Volume 64 Number 9 Date 06/27/2019
JAPANESE BEETLE - Adults are likely to begin appearing in the week ahead. Damage to fruit trees, ornamentals, nursery stock and field crops can be expected for the next two months across most of the state, with peak beetle emergence occurring by early August. Soil-applied systemic insecticide treatments must be made 3-4 weeks in advance of beetle emergence and are no longer advised.
EUROPEAN CORN BORER - The tallest corn is now susceptible to infestation by first-generation corn borers. Leaf feeding and small larvae were observed on June 26 in Dane County. Early signs of damage, including leaf pinholes and shot holes, should be noticeable in southern and central Wisconsin fields next week.
SPOTTED WING DROSOPHILA - Emergence of flies was documented in La Crosse County on June 17. The first capture of SWD adults in survey traps should be viewed as an early warning to fruit growers to increase monitoring efforts and make preparations for SWD management.
SOYBEAN APHID - Early colonies were observed for the first time this season on June 19 in Columbia County. Surveys this week detected aphids in three of 24 soybean fields sampled. Densities were low and ranged from 1-6 per infested plant on 1-4% of plants. The aphids were found in Eau Claire, Pepin and Trempealeau counties.
POTATO LEAFHOPPER - Nymphs are appearing in alfalfa. Counts of this stage and the adults are currently below the economic threshold of one per sweep in 8- to 11-inch fields and two per sweep for alfalfa 12 inches or taller, but populations could increase abruptly with the hot weather ahead. Routine sampling of second-crop alfalfa is recommended.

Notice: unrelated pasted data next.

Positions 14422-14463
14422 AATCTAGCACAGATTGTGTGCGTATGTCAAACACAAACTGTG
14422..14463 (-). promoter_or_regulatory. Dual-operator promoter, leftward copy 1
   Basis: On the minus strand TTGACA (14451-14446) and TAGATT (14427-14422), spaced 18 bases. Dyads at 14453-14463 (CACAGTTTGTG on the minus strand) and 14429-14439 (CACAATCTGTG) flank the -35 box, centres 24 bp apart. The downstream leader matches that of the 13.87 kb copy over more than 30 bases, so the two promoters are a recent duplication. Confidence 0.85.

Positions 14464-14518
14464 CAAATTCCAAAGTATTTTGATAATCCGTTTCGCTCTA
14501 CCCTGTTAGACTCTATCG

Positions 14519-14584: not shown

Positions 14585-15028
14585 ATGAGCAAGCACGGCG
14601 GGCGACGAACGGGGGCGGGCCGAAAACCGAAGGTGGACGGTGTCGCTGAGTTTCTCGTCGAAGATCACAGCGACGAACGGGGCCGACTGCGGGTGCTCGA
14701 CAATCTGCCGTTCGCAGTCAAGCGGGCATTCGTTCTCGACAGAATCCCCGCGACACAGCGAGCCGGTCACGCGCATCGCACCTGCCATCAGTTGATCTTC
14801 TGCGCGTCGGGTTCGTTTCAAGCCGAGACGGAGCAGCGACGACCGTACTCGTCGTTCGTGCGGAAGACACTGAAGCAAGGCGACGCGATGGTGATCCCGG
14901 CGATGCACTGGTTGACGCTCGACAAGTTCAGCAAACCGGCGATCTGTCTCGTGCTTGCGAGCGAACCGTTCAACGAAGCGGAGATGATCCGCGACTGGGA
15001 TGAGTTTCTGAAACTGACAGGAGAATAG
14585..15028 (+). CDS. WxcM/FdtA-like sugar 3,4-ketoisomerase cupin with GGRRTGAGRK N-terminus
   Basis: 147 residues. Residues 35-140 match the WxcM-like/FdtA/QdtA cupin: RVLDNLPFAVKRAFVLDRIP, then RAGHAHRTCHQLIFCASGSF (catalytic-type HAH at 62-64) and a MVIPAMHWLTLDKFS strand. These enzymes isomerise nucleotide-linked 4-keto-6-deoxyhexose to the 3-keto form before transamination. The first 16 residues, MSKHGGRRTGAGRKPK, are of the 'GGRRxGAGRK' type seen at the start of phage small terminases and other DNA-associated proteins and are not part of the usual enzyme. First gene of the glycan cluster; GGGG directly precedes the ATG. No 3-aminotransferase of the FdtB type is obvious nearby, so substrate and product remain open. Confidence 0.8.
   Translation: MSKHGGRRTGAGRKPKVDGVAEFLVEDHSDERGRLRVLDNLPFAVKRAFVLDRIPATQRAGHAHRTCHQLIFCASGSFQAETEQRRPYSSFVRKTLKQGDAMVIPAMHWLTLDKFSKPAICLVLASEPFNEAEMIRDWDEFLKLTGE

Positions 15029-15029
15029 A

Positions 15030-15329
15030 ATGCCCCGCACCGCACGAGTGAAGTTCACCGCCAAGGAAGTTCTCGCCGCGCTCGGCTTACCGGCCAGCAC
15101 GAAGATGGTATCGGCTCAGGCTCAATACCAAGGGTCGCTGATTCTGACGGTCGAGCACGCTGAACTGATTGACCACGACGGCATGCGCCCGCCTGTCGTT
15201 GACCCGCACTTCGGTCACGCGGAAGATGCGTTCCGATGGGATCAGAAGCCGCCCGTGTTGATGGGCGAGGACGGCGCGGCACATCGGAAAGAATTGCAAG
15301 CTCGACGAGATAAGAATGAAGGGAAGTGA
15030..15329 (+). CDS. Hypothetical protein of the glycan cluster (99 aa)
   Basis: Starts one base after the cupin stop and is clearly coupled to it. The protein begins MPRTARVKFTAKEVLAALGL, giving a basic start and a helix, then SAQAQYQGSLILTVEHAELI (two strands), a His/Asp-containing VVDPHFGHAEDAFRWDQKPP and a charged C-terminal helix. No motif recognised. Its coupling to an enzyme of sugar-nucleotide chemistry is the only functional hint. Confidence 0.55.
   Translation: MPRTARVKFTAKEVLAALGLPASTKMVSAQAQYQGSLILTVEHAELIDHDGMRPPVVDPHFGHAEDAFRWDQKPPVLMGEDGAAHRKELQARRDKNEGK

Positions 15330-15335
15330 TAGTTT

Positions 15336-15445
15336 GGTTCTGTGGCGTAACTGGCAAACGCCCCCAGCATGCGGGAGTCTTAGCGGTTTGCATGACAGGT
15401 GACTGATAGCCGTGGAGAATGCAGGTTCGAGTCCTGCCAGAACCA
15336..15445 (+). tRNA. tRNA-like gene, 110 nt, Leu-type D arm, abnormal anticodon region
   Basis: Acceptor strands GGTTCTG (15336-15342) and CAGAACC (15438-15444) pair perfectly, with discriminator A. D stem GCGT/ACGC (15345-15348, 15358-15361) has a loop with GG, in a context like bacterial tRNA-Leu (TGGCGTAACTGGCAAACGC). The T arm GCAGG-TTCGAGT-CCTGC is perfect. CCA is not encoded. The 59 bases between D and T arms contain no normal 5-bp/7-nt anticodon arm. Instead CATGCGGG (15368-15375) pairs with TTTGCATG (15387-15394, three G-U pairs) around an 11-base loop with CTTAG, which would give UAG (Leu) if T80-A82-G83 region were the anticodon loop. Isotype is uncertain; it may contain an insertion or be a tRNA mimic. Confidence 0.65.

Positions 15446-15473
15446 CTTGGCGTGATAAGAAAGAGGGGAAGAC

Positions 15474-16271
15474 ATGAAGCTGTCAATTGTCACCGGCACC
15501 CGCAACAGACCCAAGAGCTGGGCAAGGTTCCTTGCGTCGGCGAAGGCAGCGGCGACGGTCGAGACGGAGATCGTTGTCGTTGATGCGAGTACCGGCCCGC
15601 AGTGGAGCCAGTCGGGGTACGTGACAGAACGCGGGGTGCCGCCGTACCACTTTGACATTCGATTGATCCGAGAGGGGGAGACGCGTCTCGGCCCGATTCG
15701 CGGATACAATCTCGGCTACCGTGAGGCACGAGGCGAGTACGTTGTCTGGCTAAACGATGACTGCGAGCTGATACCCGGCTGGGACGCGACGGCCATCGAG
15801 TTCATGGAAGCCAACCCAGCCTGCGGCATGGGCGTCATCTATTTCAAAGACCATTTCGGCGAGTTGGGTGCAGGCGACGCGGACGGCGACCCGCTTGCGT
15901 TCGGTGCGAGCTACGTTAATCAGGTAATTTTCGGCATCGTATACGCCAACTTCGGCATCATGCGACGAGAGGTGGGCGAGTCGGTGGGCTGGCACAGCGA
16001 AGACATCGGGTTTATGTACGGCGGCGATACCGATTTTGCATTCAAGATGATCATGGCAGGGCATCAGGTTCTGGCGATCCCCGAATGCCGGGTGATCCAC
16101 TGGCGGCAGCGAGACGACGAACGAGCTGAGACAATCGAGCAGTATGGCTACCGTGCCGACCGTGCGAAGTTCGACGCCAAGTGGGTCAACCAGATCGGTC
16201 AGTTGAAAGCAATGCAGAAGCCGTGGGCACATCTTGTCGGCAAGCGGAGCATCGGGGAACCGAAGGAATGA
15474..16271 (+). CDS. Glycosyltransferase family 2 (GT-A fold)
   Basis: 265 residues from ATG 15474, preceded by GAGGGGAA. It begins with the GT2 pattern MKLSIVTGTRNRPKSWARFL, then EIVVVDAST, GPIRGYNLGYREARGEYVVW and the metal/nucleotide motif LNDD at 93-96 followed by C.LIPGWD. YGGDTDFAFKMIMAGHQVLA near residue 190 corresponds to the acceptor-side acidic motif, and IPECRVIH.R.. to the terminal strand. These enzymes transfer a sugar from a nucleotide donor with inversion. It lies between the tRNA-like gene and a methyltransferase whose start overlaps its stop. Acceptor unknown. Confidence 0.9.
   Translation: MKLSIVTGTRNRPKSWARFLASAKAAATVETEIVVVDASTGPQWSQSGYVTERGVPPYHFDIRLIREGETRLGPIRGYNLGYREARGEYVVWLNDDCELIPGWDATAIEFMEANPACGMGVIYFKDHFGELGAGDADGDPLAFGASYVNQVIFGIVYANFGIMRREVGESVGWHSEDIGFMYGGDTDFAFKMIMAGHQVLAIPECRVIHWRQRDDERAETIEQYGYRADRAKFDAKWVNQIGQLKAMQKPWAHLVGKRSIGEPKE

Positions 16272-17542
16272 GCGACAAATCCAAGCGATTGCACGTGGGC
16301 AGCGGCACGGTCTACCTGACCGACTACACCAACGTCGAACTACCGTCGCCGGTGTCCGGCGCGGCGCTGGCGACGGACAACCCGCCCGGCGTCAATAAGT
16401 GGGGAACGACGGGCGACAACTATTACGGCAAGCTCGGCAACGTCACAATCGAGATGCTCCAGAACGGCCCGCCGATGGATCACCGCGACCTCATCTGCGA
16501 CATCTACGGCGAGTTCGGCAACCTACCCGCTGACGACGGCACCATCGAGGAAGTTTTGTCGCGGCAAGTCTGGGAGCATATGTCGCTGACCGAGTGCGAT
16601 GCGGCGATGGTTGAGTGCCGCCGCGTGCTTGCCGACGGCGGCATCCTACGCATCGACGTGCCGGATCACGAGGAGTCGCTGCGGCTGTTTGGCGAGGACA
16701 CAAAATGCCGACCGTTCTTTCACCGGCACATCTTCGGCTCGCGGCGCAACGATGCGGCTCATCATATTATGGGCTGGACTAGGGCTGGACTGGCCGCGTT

TRUE ARMWORM - Larvae are migrating into the perimeter rows of corn, and reports indicate localized problems have developed in a few Fond du Lac County fields. Increased monitoring for first-generation armyworm larvae is particularly important at this time.
CORN ROOTWORM - Peak or 50% egg hatch should occur by July 1 near Madison. The first beetles usually appear around Independence Day, but will be 1-2 weeks late this year.
LILY LEAF BEETLE - UW Entomologist PJ Liesch has confirmed the distribution of this pest in Taylor County, noting that the recognizable bright red beetle may have been established in the area for a year or two. Taylor is the eighth Wisconsin county in which the lily leaf beetle has been detected since 2014, in addition to Langlade, Lincoln, Marathon, Oneida, Portage, Shawano, and Wood.
APPLE MAGGOT - Apple growers concerned about this pest are advised to set a minimum of three traps per 10 acres before the end of the month, increasing the density in July to one trap every 200-300 feet along the orchard perimeter. The traps should be hung at eye-level adjacent to wild hosts and near early-ripening cultivars. Last season, the first flies were captured during the week of June 21-27.
-- Krista Hamilton, DATCP Entomologist